When the President and Congress enacted the Coronavirus Aid, Relief and Economic Security (CARES) Act, communities across the country breathed a sigh of relief – help was coming. That relief did not last long when the reality of spending millions of dollars in unexpected funding in a short amount of time. Stafford has accepted a total of $26,676,730 in two rounds of CARES Act funding. Deciding how to spend the money and determining the most pressing needs transparently and responsibly while continuing day-to-day operations under extraordinary circumstances have been challenging. Last night, the Board of Supervisors budgeted more than $7,000,000 in the second round of $13,000,000 CARES Act funding.
“We have taken a great deal of time to be deliberate and transparent in budgeting and appropriating the CARES Act Funding on a compressed timeline,” said Chairman of the Board of Supervisors Meg Bohmke, Falmouth District. “The Schools were our main focus this second round. So far, we have funded all but $50,000 of their CARES Act request, and that could be funded in the future.”
The Schools are anticipated to receive approximately $7.69 million, after an another allocation of $4,470,100 for operating fund projects, including $1,500,000 for air purifiers for classrooms,. Although not all students are in classrooms right now, many teachers are teaching virtually from classrooms. As well, some schools are being used for childcare for the children of Schools and County Government employees. Projects include meal distribution systems that bring meals to the classroom for on-camputs students, internet expansion, additional counselor hours, upgraded HVAC air filter, software and licensing expansion, at-home materials, hourly teacher virtual learning preparation, and hourly pay for Individualized Education Program (IEP) meetings. The money for the air purifiers is being appropriated now. The remaining money will be appropriated as projects are proceeding.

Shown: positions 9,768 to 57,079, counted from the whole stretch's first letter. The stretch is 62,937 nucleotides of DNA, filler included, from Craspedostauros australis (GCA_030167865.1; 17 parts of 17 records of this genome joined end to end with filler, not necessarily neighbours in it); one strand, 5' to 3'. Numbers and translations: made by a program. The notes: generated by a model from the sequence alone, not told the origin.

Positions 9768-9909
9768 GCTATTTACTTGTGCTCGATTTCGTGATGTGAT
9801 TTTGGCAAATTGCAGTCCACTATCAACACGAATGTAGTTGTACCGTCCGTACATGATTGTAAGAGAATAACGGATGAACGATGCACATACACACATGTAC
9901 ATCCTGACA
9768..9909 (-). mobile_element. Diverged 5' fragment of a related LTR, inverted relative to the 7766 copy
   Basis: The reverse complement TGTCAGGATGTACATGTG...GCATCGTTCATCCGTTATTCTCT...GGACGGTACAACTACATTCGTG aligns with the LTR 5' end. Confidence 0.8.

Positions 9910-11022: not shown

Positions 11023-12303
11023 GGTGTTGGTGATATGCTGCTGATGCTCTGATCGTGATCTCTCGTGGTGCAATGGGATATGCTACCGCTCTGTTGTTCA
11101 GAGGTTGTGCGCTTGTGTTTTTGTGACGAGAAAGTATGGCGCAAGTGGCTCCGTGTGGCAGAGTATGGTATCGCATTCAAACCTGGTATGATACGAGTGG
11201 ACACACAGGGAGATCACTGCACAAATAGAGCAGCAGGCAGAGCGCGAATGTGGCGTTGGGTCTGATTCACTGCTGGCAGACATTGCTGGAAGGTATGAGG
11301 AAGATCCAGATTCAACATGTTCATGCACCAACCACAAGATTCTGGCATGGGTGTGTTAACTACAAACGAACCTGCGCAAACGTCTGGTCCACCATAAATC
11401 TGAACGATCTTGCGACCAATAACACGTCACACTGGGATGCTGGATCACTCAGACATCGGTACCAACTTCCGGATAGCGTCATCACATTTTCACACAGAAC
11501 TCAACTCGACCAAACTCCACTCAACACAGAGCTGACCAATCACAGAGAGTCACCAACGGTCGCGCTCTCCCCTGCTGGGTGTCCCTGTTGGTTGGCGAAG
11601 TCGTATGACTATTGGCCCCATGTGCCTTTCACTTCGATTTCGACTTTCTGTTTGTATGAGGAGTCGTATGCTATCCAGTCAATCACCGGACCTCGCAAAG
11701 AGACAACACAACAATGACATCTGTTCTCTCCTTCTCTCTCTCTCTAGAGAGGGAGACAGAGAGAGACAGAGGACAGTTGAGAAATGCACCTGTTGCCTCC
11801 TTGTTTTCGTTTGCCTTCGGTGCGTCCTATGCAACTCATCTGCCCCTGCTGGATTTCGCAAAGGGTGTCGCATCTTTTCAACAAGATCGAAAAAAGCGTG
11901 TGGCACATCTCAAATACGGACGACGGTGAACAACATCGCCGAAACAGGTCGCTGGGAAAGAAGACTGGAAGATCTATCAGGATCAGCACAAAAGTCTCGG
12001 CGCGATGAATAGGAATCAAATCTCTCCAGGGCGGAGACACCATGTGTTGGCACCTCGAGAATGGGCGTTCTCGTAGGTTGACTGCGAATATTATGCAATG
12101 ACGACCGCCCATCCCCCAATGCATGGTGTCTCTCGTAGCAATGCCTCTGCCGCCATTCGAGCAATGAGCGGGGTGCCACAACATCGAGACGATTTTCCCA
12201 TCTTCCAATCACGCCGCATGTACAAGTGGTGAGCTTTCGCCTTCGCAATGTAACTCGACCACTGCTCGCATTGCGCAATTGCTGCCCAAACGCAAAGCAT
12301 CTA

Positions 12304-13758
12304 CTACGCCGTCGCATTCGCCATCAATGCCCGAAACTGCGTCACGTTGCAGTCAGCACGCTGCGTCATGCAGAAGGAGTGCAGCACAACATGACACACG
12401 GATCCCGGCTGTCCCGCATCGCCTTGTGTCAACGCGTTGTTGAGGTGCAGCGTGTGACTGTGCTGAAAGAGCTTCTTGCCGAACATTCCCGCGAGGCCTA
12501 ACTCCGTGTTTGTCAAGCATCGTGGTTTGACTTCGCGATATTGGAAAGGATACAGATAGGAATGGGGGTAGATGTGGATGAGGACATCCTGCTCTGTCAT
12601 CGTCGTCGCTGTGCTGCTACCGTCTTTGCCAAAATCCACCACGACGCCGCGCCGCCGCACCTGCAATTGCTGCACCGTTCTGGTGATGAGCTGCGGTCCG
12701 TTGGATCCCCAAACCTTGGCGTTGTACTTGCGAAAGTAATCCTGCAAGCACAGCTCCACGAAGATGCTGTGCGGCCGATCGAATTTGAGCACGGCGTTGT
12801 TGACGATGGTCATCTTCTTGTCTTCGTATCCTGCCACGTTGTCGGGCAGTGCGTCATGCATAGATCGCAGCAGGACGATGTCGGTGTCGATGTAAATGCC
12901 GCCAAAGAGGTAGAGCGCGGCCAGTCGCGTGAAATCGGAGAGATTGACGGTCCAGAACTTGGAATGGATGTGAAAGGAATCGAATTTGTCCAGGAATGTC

County Government will receive $2,070,293 with $1,258,799 of that going to Fire and Rescue for ambulances, EMS supplies, a public health consultant, showers, decontamination supplies and administrative support. Other departments will receive funding for supplies and monies necessary to mitigate the effects of COVID-19 and social distancing.
A total of $415,360 will go towards community needs, with $225,000 going to Economic Development to establish a COVID curriculum for small business and to fund safety grants to businesses. Other funding will grant requests of Stafford Hospital, utilities for families struggling, the George Washington Regional Commission and Northern Virginia 4-H, all organizations which serve Stafford residents.
Approximately $5,600,000 remains to be funded and will likely go towards Public Safety time attributable to COVID-19 mitigation, which is currently being determined.